Saturday, August 06, 2005

All over the news late this week, Japanese memorials for Hiroshima reminded the world of one country's--one man's--enormous decision to attack an enemy with nuclear power. What would inspire such a decision? I wondered. In America, we have told the story one way. In Japan, they see it differently; their history texts for children tell another story. What is the reason behind Truman's monumental attack?

In the Standard Weekly, Richard Frank tackles the study of this crucial period of time in the 20th century. Evidence drawn from intercepted and heretofore secret radio messages indicates that Japan was not about to surrender. The deaths of the Japanese in the aftermath of the bomb are more than regrettable. But the deaths of millions at the hand of the Japanese imperial government and the great possibility that they did not regret their actions and would continue to execute further brutal invasions leads to one conclusion. Truman had no choice. Frank explains:

"This brings us to another aspect of history that now very belatedly has entered the controversy. Several American historians led by Robert Newman have insisted vigorously that any assessment of the end of the Pacific war must include the horrifying consequences of each continued day of the war for the Asian populations trapped within Japanese conquests. Newman calculates that between a quarter million and 400,000 Asians, overwhelmingly noncombatants, were dying each month the war continued. Newman et al. challenge whether an assessment of Truman's decision can highlight only the deaths of noncombatant civilians in the aggressor nation while ignoring much larger death tolls among noncombatant civilians in the victim nations.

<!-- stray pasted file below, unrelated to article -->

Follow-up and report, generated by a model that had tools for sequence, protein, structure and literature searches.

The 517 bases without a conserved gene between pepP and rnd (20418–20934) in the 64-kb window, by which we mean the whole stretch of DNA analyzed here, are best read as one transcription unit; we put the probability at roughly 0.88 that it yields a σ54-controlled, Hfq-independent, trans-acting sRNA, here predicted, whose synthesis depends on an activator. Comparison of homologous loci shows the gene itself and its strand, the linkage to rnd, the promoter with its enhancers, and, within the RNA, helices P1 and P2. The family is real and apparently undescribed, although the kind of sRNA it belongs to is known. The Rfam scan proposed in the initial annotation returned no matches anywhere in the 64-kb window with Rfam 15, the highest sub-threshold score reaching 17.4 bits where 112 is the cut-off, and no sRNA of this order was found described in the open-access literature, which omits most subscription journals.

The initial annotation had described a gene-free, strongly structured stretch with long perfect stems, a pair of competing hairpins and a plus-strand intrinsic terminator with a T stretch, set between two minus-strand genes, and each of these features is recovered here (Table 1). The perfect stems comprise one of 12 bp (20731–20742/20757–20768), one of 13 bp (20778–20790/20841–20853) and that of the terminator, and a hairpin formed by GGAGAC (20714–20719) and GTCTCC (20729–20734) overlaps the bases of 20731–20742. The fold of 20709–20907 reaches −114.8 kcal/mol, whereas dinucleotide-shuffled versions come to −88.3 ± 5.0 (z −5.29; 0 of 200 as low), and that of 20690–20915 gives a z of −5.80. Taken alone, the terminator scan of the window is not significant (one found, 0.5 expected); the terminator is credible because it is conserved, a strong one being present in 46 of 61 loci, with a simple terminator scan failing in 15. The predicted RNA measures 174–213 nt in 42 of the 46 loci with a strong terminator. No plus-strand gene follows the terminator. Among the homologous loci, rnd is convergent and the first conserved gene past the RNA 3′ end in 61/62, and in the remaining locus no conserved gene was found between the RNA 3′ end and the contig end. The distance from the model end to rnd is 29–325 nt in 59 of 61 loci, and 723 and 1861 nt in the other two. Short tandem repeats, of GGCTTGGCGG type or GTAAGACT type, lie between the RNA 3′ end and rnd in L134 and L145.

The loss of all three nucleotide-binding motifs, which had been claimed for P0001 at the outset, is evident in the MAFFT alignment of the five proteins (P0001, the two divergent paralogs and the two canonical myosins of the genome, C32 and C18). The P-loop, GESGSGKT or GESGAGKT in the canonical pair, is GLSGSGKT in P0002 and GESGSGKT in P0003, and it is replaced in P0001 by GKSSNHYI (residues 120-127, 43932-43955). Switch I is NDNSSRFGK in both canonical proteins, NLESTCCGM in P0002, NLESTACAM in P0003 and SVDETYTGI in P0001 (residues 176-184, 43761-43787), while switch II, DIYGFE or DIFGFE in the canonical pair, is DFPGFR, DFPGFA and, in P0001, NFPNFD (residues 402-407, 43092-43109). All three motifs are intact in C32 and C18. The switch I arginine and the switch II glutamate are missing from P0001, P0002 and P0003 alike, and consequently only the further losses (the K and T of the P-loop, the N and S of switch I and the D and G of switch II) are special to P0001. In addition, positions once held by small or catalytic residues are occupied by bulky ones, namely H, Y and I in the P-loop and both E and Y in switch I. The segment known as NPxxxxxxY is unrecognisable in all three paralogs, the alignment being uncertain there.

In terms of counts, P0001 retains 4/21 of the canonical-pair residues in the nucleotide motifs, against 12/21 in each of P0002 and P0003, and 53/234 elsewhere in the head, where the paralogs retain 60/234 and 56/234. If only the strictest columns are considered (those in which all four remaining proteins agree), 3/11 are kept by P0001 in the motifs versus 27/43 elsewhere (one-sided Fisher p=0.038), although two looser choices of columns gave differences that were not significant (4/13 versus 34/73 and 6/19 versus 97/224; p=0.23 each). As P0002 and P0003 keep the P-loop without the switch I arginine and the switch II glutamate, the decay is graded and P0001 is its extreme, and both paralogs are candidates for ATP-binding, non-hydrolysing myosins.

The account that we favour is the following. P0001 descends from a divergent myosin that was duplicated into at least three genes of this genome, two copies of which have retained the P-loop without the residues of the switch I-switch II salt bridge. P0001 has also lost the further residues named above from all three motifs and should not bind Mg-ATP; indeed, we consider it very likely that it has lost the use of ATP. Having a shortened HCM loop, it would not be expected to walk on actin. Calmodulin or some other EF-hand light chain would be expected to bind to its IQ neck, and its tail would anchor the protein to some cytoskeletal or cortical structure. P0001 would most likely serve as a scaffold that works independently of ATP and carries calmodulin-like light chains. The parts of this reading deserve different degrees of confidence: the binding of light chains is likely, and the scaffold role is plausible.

There are a good many more points that now extend our understanding beyond the debates of 1995. But it is clear that all three of the critics' central premises are wrong. The Japanese did not see their situation as catastrophically hopeless. They were not seeking to surrender, but pursuing a negotiated end to the war that preserved the old order in Japan, not just a figurehead emperor. Finally, thanks to radio intelligence, American leaders, far from knowing that peace was at hand, understood--as one analytical piece in the "Magic" Far East Summary stated in July 1945, after a review of both the military and diplomatic intercepts--that "until the Japanese leaders realize that an invasion can not be repelled, there is little likelihood that they will accept any peace terms satisfactory to the Allies." This cannot be improved upon as a succinct and accurate summary of the military and diplomatic realities of the summer of 1945." [emphasis mine]

We will have to live with Truman's decision forever. What seems clear is that his decision would have saved the lives of many more Asians. Or at least that's the conclusion of one historian.

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